The year is already chunked into pieces with the school terms. These originally followed the times when all hands were needed in the fields. You could argue the need for the school holidays to follow this format is also antiquated, but right now it’s easier to work with them  than campaign for the whole country to change.

As a gardener, I’m also in touch with the seasons and what needs doing when.

I decided to work with the land and agricultural seasons more than I had been and base my new witch calendar on this.

I tried to create eight perfect seasons, but it just didn’t work.

And instead of making it match-y match-y for the sake of it, I decided to go with what worked.

So we start around now, at the February half term and continue as follows. I’ve used the word moon because I like it, but each time could easily be referred to as tides or phases.

Hungry Moon:

The point where the weather changes in February, usually around the February half term
Time for clearing and ploughing.
In witchcraft we can use this time for banishing, cleansing, tidying, planning, and organising

Seed Moon:

The Easter full moon is such a cultural pin point that I see no reason to not use this as my marker.
Time for planting, painting, and the first sustained outdoors work
This is an active time, taking the first steps to actioning plans, and energetic work

Strawberry Moon:

This is around Midsomar or the Whitsun Bank Holiday. It’s the point when the rains are becoming less regular and the ground is heating up. This is the first harvest – the peas and strawberries. It’s also time for more planting.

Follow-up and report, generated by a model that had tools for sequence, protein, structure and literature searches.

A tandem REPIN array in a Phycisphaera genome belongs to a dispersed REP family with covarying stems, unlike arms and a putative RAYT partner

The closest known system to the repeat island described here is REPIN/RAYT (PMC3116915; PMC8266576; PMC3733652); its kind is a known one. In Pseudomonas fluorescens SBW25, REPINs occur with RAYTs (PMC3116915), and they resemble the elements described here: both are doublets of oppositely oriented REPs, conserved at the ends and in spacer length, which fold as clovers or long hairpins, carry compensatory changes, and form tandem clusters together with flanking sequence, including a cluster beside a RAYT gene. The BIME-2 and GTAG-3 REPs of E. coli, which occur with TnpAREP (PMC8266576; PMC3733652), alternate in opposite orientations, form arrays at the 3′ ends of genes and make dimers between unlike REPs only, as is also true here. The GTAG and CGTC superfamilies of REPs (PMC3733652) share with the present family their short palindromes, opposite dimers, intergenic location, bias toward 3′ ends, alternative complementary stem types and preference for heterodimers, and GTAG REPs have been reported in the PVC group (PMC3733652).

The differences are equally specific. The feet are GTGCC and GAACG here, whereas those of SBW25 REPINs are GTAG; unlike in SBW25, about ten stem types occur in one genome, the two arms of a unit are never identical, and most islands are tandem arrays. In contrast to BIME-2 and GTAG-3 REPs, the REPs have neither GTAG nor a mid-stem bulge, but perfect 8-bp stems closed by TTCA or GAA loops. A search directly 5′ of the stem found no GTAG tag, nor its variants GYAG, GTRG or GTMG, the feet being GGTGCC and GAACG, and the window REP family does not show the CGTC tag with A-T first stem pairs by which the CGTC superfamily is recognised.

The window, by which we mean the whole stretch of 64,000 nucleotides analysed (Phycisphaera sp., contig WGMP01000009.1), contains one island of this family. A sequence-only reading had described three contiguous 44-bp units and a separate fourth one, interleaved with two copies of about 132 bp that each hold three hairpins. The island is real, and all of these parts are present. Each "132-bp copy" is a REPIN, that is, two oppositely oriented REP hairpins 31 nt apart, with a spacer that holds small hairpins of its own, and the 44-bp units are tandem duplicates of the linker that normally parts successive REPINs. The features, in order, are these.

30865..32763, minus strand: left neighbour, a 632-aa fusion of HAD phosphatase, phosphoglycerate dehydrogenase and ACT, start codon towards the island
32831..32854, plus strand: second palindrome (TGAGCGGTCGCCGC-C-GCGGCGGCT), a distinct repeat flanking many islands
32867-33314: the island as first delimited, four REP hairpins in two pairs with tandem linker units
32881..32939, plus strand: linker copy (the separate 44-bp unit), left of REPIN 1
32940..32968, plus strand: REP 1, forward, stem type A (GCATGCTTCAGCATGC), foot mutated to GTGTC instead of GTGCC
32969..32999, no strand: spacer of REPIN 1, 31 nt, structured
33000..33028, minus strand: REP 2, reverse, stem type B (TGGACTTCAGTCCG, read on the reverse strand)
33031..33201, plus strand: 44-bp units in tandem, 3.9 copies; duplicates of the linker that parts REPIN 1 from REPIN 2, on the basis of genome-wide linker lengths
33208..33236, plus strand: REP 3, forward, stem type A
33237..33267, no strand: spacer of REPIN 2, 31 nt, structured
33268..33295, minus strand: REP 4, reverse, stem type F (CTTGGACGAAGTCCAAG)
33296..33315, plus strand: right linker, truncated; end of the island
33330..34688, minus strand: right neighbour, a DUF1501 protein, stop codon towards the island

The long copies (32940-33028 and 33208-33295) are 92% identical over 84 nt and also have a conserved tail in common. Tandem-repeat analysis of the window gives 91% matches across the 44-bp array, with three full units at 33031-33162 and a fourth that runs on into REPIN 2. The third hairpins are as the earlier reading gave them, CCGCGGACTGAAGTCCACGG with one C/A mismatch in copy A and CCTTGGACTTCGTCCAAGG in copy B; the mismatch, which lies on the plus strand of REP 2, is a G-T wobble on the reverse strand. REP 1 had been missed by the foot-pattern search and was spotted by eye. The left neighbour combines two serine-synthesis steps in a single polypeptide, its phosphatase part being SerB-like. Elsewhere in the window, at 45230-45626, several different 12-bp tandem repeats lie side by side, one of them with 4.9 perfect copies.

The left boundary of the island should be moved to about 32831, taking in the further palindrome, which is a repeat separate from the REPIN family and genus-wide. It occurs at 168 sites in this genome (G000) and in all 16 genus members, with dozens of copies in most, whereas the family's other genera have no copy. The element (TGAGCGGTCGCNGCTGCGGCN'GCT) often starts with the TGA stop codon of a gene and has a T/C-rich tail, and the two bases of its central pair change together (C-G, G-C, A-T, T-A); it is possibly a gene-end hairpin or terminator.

Time to take stock of projects, to start the next phase, and to be active, busy, and outside. A time of physical effort and exertion.

Singing Moon:

For me the summer is a time when I don’t do much witchcraft. The last week of July and the first week of August are often periods when I meet with lots of people and am sociable.
It’s a time of togetherness, of community, partying, and learning from each other.

Harvest Moon:

For me September has always been more about the holiday being over and it being time to get back to work. It’s also the time of the fruit and squash harvests. There is more planting to be done now the hottest weather of August is over.
The kinds of workings here are more introspective and intellectual. They involve research and writing and book learning.

Ancestor Moon:

Time to take stock of everything, to store things for winter and pick everything that needs taking out the ground before the first frosts.
For me this time of year will always be about the dead and other realms. It’s a time for communing with spirits, ancestors, and deities.

Yule Moon:

Christmas and New Year always mark the point for me when the weather changes to cold. Apart from the brevity of Christmas, it’s a time when I feel least energetic and motivated.

Instead of fighting the urge to hibernate I’m going to spend this time eating the stored food before it goes off, sleeping, and resting.

This does mean, in general, you’re likely to see silence from me during the Patheos Pagan tradition of writing a blog post for the festival we’re entering.

There will be plenty of festivals I don’t celebrate.

You will instead see posts detailing what I’m doing whilst I follow my own seasons. Which if nothing else will be unique! Hopefully they’ll inspire you to rethink your own celebrations too.